Lawmakers are back under the dome of the Texas Capitol for a new session for a new age in politics, with the reminder of what happened two years ago in the back of their minds.
Two years ago, education funding was slashed by $5.4 billion, the use of the state’s emergency "rainy day" fund was frowned upon, and a controversial Voter ID bill got through both chambers but was found unconstitutional against minority voters by the court system.
According to State Comptroller Susan Combs, Texas lawmakers will have will have $101.4 billion to work with during the next legislative session. Combs said the estimated $96 billion in revenue from taxes, fees and other sources is up nearly $20 billion from previous years.
"General revenue collections in 2008 and 2009 -- leading into the [legislative] session -- totaled $79.6 billion," Combs said. "In 2010 - 2011, as we hit bottom and began to climb out the revenues were $4.5 billion less."
Originally published on Mon January 7, 2013 6:00 am
As the state legislature prepares to open its session Tuesday, lawmakers are hearing a word not spoken in the capitol for a long time. It’s ‘surplus.’ Unlike two years ago, when they faced a massive deficit and cut $15 billion from the budget, there’s talk of an increase in money for state programs and a growing Rainy Day fund. The state comptroller will release the official budget estimate this morning, but the debate over whether and how to spend the Rainy Day money has already begun.
Texas Matters: It's finally here! The 83rd Texas Legislature will be sworn in and start on Tuesday, Jan. 8. Political Action Committees, or Super PACs as they came to be so heroically known in last year's election, enjoyed fairly easy regulations on both organization and donations. However, there are rules and stiff penalties if you break them; one Texas billionaire was caught and fined a shocking $6,450!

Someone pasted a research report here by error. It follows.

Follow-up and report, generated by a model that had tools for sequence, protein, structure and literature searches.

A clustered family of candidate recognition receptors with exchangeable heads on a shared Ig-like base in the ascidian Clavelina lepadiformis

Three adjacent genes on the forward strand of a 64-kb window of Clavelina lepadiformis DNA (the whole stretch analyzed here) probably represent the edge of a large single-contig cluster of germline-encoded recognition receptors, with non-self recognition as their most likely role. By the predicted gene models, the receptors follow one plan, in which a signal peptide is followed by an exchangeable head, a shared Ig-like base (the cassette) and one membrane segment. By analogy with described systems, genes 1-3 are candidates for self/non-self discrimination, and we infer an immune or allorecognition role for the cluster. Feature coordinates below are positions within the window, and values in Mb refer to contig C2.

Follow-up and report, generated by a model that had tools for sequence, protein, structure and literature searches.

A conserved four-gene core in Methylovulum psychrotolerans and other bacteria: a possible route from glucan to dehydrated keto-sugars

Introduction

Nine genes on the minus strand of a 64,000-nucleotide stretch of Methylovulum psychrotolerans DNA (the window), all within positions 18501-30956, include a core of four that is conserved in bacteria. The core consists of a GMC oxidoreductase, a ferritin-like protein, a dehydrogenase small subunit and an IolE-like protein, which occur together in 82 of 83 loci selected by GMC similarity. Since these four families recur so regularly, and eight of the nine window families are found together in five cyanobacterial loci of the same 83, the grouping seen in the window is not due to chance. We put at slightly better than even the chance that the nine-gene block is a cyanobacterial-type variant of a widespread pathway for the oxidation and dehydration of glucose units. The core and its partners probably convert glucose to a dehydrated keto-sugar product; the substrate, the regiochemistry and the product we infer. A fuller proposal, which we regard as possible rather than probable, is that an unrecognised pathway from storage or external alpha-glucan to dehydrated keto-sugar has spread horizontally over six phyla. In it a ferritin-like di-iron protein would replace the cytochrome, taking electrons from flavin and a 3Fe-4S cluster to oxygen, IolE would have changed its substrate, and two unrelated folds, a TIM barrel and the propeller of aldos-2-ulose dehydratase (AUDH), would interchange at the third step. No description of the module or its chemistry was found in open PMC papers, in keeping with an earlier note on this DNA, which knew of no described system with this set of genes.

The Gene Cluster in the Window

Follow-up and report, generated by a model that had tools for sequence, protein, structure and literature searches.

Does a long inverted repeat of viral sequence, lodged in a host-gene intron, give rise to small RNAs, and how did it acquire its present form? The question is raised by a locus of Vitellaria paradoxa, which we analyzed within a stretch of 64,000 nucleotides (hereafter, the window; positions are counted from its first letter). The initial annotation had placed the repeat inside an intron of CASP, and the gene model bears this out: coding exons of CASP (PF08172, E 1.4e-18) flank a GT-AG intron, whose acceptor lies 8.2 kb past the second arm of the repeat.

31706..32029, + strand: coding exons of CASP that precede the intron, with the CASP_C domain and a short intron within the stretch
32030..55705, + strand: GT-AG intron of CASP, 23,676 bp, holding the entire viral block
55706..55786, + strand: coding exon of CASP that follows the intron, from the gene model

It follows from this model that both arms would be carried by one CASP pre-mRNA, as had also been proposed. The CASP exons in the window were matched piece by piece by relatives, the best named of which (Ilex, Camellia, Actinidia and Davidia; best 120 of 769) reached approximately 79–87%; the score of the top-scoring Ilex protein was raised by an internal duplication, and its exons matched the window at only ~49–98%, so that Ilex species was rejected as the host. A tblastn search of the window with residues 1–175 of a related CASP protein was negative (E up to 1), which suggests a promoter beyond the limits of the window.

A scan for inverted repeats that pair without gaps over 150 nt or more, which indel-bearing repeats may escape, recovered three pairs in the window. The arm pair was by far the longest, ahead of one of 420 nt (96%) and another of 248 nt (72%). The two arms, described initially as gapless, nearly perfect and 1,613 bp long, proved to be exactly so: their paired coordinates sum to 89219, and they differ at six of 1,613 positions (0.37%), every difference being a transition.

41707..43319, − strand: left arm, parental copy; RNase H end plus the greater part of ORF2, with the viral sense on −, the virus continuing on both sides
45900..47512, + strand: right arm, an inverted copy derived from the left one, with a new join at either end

As the major metropolitan counties in Texas push the state legislature to rethink the criminal justice system and reduce recidivism, one program is already seeing results. This special four-part series from KUHF in Houston takes a look at the ups and downs of the Cleveland Correctional Center program.
One in every four inmates released from the Texas prison system is back in prison within three years. But an hour north of Houston, an experiment is unfolding that could slash the rate of recidivism. In the first of our four part series, KUHF business reporter Andrew Schneider looks at the Prison Entrepreneurship Program.
Premont ISD has struggled with low attendance, low test scores and poor finances for years, but when a letter from the TEA came threatening to close the school, everyone knew that something must be done.
A coalition of the state’s major metro counties has an agenda to convince legislators that a sea-change is needed in rehabilitating jail and prison inmates.
The Offender Re-entry Council has been working to lower costs of criminal justice, reduce recidivism, and improve public safety, but in the early- to mid-90s, the talk around Texas was of jail overcrowding and building more prisons.
With federal spending cuts looming, cases working their way through the courts questioning state funding of education and gun control control at the front of public debate, Texas lawmakers have their work cut out for them this session.
The 83rd Texas Legislative Session Begins on January 8th December 20, 2012 There's no doubt about it. Federal dollars pay for a lot of things in Texas. This year's state budget included $33 billion in federal money. Overall federal spending in Texas totaled more than $220 billion in 2010.